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Medical workers rally to stop closure of Regional Medical Center's Trauma Center

Medical staff rally against closure of Regional Medical Center’s trauma center
Medical staff rally against closure of Regional Medical Center’s trauma center 02:50

SAN JOSE — A large number of doctors, nurses, and medical workers rallied against the closure of Regional Medical Center's critical Trauma Center, set for Aug. 12.

Among the concerned voices was Ani Mahagan, one of the few patients who joined the medical personnel to emphasize the importance of keeping this trauma center open. Mahagan, who had a stroke a month ago, credited the proximity and swift response of the center for saving his life.

"All of our neighbors are very concerned that we are going to lose RMC, the trauma center," Mahagan expressed.

When Mahagan suffered his stroke, he was brought to the Regional Medical Center, located just 15 minutes from his home. He highlighted the crucial role of timing in such emergencies.

"When you have a stroke, time is of the essence. The faster you remove the blood clot blocks and restore the blood supply to the brain, the better it is," he said.

At the press conference, several doctors conveyed what they called an urgent message. One of them was Mahagan's doctor, Raj Gupta, a neurologist who has been working at the center since 2006.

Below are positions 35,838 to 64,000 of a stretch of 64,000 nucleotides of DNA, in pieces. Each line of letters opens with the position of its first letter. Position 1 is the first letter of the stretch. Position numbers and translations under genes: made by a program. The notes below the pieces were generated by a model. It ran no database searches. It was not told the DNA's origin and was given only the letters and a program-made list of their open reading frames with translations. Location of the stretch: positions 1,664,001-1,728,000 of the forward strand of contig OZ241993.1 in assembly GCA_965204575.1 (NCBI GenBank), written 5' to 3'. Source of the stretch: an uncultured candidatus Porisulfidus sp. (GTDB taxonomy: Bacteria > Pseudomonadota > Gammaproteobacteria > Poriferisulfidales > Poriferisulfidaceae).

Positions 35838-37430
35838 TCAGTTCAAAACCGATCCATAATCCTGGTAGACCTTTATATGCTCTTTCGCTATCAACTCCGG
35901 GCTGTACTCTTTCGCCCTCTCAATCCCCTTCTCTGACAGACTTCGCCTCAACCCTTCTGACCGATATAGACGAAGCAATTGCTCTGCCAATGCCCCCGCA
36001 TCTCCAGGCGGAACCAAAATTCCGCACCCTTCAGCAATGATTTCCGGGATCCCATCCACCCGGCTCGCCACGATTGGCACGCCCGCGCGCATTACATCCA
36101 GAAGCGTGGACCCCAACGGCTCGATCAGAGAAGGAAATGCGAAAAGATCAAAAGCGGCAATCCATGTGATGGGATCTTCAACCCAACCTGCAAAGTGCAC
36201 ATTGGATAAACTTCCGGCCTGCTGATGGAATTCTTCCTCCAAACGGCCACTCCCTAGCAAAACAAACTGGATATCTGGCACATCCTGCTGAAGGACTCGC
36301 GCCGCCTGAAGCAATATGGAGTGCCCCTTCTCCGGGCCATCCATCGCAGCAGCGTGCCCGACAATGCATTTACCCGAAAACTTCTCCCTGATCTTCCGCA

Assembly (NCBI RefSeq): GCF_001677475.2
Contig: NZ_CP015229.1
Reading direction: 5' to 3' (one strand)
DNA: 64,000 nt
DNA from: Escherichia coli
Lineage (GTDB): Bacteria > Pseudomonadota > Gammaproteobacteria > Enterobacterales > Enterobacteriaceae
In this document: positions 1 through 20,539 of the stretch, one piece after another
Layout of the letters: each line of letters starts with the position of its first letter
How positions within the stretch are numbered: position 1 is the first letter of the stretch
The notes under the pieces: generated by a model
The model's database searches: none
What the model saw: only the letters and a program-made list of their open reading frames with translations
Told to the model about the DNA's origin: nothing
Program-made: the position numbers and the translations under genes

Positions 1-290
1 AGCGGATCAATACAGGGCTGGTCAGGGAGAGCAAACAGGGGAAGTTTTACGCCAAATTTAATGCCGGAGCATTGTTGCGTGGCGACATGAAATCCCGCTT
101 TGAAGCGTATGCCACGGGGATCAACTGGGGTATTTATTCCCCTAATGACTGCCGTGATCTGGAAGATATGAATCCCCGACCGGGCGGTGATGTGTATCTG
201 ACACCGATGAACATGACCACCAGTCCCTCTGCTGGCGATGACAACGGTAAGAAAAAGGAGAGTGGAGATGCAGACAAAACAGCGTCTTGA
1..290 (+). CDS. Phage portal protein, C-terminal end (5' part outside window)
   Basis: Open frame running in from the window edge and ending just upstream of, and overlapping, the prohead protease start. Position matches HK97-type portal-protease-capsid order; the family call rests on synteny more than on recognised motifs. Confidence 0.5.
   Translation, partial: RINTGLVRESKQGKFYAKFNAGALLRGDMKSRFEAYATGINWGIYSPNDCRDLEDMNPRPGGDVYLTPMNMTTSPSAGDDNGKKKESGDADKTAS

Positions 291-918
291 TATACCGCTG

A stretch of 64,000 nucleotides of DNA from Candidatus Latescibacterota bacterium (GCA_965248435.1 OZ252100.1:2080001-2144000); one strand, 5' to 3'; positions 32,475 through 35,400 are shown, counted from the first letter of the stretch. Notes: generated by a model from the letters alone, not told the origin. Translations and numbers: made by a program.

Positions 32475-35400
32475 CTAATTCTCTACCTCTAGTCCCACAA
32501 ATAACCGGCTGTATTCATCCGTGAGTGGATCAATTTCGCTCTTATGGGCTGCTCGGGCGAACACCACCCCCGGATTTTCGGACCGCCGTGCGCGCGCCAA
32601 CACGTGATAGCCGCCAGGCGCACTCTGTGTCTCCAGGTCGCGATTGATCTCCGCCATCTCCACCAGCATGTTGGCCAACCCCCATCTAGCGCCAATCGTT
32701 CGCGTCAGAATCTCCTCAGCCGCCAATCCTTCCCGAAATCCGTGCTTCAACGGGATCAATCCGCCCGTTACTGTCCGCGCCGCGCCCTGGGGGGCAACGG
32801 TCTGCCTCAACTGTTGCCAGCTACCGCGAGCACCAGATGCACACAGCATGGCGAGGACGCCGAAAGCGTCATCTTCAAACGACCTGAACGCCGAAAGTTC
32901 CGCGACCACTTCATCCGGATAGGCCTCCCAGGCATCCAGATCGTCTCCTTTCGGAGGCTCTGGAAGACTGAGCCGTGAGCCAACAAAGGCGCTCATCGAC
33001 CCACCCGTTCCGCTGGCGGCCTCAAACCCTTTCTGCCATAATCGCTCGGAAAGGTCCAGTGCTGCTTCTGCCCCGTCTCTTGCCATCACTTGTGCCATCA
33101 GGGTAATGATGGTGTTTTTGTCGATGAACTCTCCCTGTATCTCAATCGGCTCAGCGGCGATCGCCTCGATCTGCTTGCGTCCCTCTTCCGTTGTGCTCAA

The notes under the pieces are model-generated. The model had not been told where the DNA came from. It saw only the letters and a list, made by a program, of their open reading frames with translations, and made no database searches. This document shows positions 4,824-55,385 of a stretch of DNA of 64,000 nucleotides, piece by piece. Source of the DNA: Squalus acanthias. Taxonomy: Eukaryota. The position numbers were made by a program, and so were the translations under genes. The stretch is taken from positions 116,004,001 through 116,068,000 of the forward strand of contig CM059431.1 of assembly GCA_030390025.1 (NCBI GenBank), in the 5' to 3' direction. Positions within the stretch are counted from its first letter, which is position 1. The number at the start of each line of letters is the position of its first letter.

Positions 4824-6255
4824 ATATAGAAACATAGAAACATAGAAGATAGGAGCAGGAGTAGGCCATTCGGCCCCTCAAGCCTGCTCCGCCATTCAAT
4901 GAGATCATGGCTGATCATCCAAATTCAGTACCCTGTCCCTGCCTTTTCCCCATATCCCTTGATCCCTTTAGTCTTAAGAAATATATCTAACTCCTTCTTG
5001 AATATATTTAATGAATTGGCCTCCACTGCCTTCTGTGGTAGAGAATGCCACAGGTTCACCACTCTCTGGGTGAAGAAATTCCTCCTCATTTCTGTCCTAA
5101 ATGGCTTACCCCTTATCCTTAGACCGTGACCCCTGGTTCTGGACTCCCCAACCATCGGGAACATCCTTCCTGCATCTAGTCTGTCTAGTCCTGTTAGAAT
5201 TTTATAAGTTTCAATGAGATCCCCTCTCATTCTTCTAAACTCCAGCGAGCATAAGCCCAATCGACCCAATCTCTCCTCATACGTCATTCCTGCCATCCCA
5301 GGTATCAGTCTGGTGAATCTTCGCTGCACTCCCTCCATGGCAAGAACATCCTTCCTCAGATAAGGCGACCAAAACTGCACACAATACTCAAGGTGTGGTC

"This community has given me everything in my life; this is my time to pay them back. Telling them what the dangers of this closure are. I'm taking a personal risk, but I think it's worth it," Dr. Gupta stated.

Dr. Gupta described the potential closure as catastrophic.

"We are already underserved. If you look, we have only 258 beds for about 6,000 lives," he explained.

County Supervisor Cindy Chavez joined the rally, underscoring the severe implications of the closure. She warned that it jeopardizes the heart attack program and stroke services that Santa Clara County residents depend on. 

"People will die if this happens. The county's own report demonstrated how challenging it will be for people to get the services that they need at the time they need the most," Chavez stated.

Mahagan echoed these concerns, acknowledging the life-saving role of the center.

"I think the only reason I'm still alive is because of that speed and the expertise of the people at RMC," he said.

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